Here in Australia, we are incredibly fortunate to have some of the best natural landscapes anywhere in the world. With this in mind, it’s not hard to see why so many people are immersing themselves in our great outdoors for all kinds of recreational activities. However, it’s important that when we do so, we do it in a way that demonstrates care for our surroundings and their ongoing protection. This is, in essence, what leave no trace responsible travel is all about.
Here, we cover the 7 principles of leave no trace camping so you can enjoy the great outdoors in the most responsible way possible.
Principle 1: Plan ahead and prepare
The first principle of leave no trace camping is to plan ahead. Think about the goals of your trip and how you can achieve these safely and without damaging the environment around you. Do some research about your desired location and ensure you have the technical skills
and required equipment to ensure a responsible travel experience. Consider the weather during your planned trip and postpone it if extreme events could impact either personal safety or your ability to stay without impacting the land.
Principle 2: Travel and camp on durable surfaces
To avoid vegetation damage, soil erosion and disruption to local wildlife, it’s important to choose a durable surface for your sustainable camping trip. Keep an eye out for soft surfaces, muddy patches, mangroves and other fragile surfaces. Avoiding these surfaces is not only important for setting up your caravan or tent but also for bushwalks, hikes and the like.
Instead, focus on signed walking tracks, communal picnic spots and established campsites to minimise environmental disturbance.
Principle 3: Dispose of waste properly
It goes without saying, but one of the key principles of leave no trace camping is to take all waste with you when you leave, including kitchen waste, greywater, sewage and general rubbish. You might think that food scraps are okay to leave behind however, not all human food is safe for animals and should be disposed of properly.
Before leaving your site, do a thorough inspection of the surrounding area and make sure any and all rubbish has been removed. A good rule of thumb is that if it wasn’t there before you came, it shouldn’t be there after you leave.
Principle 4: Leave what you find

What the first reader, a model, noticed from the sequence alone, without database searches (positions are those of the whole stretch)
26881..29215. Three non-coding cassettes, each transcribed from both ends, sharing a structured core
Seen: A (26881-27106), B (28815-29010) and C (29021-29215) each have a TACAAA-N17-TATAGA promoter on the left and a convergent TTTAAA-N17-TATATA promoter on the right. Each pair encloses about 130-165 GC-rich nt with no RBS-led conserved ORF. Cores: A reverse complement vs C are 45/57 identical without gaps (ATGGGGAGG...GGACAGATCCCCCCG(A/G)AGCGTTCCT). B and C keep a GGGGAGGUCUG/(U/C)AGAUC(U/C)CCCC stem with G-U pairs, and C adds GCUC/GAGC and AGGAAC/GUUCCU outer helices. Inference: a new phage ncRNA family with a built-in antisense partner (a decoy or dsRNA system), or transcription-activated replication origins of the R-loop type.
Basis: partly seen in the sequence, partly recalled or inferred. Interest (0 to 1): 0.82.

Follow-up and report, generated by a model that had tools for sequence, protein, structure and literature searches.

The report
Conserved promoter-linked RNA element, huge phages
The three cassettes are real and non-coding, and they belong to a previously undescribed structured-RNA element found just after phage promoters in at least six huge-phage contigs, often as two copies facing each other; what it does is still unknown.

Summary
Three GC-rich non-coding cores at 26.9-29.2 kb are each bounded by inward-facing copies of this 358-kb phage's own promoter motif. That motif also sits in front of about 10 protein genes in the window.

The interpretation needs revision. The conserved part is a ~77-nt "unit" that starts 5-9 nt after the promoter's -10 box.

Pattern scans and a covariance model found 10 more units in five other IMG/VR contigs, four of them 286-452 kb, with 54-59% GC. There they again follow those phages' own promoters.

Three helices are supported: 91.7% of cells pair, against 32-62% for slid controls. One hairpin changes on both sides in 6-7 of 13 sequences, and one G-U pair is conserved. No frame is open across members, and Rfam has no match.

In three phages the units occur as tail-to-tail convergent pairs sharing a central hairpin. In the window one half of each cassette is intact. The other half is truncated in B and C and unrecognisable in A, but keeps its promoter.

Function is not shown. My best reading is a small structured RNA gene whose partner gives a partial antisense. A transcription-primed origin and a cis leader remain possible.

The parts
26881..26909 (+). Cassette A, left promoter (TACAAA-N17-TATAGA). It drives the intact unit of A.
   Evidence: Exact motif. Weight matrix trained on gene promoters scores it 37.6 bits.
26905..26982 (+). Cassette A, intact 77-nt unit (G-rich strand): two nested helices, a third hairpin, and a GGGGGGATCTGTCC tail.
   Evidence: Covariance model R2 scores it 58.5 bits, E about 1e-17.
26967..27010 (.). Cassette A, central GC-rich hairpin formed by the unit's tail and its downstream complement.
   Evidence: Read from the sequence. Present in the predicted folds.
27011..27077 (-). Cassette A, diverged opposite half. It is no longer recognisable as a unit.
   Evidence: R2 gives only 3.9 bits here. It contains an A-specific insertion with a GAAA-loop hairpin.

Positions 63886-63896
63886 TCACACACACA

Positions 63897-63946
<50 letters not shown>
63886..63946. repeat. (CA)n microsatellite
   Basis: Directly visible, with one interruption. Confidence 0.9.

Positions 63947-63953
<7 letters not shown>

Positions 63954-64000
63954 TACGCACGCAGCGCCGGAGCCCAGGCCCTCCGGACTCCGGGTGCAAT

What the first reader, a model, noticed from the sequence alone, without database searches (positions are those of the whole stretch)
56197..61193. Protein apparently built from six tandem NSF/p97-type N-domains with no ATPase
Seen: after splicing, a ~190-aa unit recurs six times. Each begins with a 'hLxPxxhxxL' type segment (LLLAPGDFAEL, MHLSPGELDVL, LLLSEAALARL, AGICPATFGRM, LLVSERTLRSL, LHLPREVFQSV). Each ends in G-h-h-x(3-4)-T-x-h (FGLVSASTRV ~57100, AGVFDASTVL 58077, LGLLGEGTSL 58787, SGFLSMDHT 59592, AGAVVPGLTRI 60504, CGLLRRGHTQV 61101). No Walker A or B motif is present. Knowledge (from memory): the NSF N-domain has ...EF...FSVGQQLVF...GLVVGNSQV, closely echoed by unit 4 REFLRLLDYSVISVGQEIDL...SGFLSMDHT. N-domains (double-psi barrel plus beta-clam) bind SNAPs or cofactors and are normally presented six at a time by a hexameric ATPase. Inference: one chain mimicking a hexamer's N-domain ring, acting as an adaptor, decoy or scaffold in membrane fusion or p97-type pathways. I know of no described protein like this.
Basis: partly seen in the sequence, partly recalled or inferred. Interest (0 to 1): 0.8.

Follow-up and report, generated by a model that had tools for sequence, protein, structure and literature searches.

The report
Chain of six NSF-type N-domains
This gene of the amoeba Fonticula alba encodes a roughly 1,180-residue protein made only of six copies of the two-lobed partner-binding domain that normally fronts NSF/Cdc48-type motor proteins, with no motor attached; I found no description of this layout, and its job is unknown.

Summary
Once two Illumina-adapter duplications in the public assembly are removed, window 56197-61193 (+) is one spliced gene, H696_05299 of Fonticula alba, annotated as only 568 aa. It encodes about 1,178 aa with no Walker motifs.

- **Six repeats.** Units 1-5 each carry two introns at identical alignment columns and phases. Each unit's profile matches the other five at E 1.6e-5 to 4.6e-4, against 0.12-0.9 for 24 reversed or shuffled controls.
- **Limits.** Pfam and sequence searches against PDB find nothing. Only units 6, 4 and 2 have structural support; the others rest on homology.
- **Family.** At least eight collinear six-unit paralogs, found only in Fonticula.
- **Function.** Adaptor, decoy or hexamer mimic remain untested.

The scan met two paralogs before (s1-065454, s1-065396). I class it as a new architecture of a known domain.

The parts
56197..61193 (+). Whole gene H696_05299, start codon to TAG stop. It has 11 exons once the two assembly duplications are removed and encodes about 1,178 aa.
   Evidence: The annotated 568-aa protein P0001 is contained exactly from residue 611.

On the flip side, it’s important not to disturb your surroundings by taking things home with you when you vacate a camping spot. While it might seem harmless, removing things like rocks, plants, and other natural artefacts can not only impact the ecological balance of the area it also detracts from the experience of those who come after you.
Help retain our environment’s natural beauty by leaving it as you found it.
Principle 5: Minimise campfire impacts
Bushfires are a significant risk in Australia, with thousands of kilometres of land being destroyed every year. While some are naturally occurring, many are the result of careless campfires.
The best way to avoid this is to avoid setting a fire. However, if you do, ensure your fire is lit in a designated fire pit and is carefully controlled at all times. When it’s time to go to bed or leave the site, ensure the fire is completely extinguished and no hot coals remain; these can easily reignite and quickly get out of control if not carefully monitored.
Principle 6: Respect wildlife
Wildlife encounters are one of the many reasons we love to immerse ourselves in nature. We can learn so much from animals in their natural habitat, which is incredibly exciting. Despite this, it’s so important that we do not disturb or frighten them and that we keep our distance in order to promote their survival.
Regardless of the size or species of wildlife you encounter, it’s your responsibility to coexist with them responsibly in their natural habitat.
Principle 7: Be considerate of others
As visitors to the land, it’s important to be respectful of the traditional land owners and to ensure we are considerate of all those who we share the space with. Remember to behave responsibly at all times and to exhibit outdoor etiquette whenever you encounter other outdoor adventurers.